03 September 2011

Higher Education in Developing Countries

I volunteered in Kampala in the summer of 2006, and to save money stayed in the mostly empty student halls at Makerere University. I thought I would drop in at the library, and was pretty shocked to find almost no books that looked like they had been published since 1980.

Are universities good candidates for foreign aid? Blattman thinks so;
Universities will train the next generation of Presidents, bureaucrats, generals and business leaders. 
You want industry? Institutions? Accountability? Technological diffusion? Peace? Time for donors to rethink education spending policies in a big way.
Those are some pretty big claims. In a different context, Clemens argues that actually we are lacking solid evidence on the social benefits from higher education;
A broad theoretical literature posits that human capital externalities shape the development of poor countries (for example, Romer, 1990; Kremer, 1993; Lucas, 1988). If positive human capital externalities are real and large, it is possible that the depletion of human capital stock via emigration inflicts negative externalities on nonmigrants. However, these externalities have proven difficult to observe, their theoretical basis remains unclear, and their use to justify policy remains shaky.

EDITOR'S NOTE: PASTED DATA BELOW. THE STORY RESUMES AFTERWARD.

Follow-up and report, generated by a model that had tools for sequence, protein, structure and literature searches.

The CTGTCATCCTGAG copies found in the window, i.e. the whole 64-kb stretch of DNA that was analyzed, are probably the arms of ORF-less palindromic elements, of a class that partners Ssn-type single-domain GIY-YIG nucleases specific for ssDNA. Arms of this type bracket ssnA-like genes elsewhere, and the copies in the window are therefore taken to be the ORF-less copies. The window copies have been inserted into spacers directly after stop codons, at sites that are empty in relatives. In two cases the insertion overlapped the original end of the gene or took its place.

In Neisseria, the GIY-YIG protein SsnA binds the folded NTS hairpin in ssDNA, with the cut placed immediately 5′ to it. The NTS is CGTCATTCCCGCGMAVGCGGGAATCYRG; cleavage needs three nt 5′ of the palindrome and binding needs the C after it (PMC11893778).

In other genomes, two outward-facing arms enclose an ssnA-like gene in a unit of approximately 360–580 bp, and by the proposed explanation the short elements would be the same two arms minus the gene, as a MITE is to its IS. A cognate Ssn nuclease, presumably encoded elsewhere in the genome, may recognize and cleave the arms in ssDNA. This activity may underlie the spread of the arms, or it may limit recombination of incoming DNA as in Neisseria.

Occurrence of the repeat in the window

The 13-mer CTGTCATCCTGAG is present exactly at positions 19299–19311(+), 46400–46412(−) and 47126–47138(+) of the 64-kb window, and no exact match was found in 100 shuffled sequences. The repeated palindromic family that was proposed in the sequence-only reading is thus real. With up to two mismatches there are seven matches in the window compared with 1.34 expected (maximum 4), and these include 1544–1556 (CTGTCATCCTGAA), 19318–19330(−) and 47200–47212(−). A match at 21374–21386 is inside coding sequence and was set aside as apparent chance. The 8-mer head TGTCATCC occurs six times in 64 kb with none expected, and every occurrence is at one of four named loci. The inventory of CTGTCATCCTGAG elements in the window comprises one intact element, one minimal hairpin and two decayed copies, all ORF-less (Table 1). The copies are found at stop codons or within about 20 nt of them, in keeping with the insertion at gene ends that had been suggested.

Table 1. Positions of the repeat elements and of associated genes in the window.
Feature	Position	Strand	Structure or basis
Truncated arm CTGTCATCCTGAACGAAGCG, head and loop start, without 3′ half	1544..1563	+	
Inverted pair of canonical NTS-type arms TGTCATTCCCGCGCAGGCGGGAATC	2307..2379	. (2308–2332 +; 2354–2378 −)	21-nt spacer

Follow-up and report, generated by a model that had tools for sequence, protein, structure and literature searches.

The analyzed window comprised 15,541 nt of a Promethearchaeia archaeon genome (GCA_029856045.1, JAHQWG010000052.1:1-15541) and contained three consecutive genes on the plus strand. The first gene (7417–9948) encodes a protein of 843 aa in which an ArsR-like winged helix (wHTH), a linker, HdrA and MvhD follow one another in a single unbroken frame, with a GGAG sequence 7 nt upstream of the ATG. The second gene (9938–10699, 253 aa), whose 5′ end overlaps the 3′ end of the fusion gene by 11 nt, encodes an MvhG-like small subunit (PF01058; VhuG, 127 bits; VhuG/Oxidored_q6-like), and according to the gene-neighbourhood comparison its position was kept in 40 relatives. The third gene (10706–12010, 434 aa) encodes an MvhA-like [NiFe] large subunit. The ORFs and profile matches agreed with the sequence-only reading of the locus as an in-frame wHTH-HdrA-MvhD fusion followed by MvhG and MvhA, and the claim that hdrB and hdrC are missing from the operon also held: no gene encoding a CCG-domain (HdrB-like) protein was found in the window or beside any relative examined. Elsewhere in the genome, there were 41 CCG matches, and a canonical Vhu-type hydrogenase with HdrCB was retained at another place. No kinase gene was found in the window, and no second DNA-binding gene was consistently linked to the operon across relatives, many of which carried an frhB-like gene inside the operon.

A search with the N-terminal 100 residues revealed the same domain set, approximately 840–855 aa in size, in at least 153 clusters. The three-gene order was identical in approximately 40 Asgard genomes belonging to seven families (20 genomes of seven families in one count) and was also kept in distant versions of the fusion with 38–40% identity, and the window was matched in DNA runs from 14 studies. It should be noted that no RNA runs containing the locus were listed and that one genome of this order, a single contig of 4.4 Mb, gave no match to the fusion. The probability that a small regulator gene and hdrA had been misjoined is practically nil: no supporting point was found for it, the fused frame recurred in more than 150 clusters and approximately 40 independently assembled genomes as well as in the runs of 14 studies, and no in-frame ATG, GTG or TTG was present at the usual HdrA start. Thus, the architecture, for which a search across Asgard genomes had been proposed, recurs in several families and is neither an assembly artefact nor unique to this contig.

I feel that higher education is probably a high risk high reward investment for the public sector. Most graduates probably won't produce large social benefits, but the few that do could well justify the expense. And this pattern of high impact outliers make this a difficult cost-benefit calculation to do.

But will more investment work?

Devarajan points the finger at systems rather than funds;
As my co-authors and I try to show in our paper, the problem is caused at least as much by the presumption that higher education should be financed and provided by the government (essentially free of charge), which has led to elite capture and politicization of the system.
Which is similar to where Pritchett is going when he wonders;
The US and UK together have only 5.4 percent of the world’s population and yet have over half the world’s top universities—ten times their population share—and almost three times as many top universities as all of continental Europe combined.  Why?
So there is probably scope for some technical assistance in thinking about the higher ed ecosystem in developing countries.

But should we provide direct subsidies? How do we trade off investment in primary education, which is probably more directly and immediately pro-poor, vs the long-term speculative investment in higher education?

Meanwhile, students at Makerere have been booted out of halls whilst lecturers are on strike.


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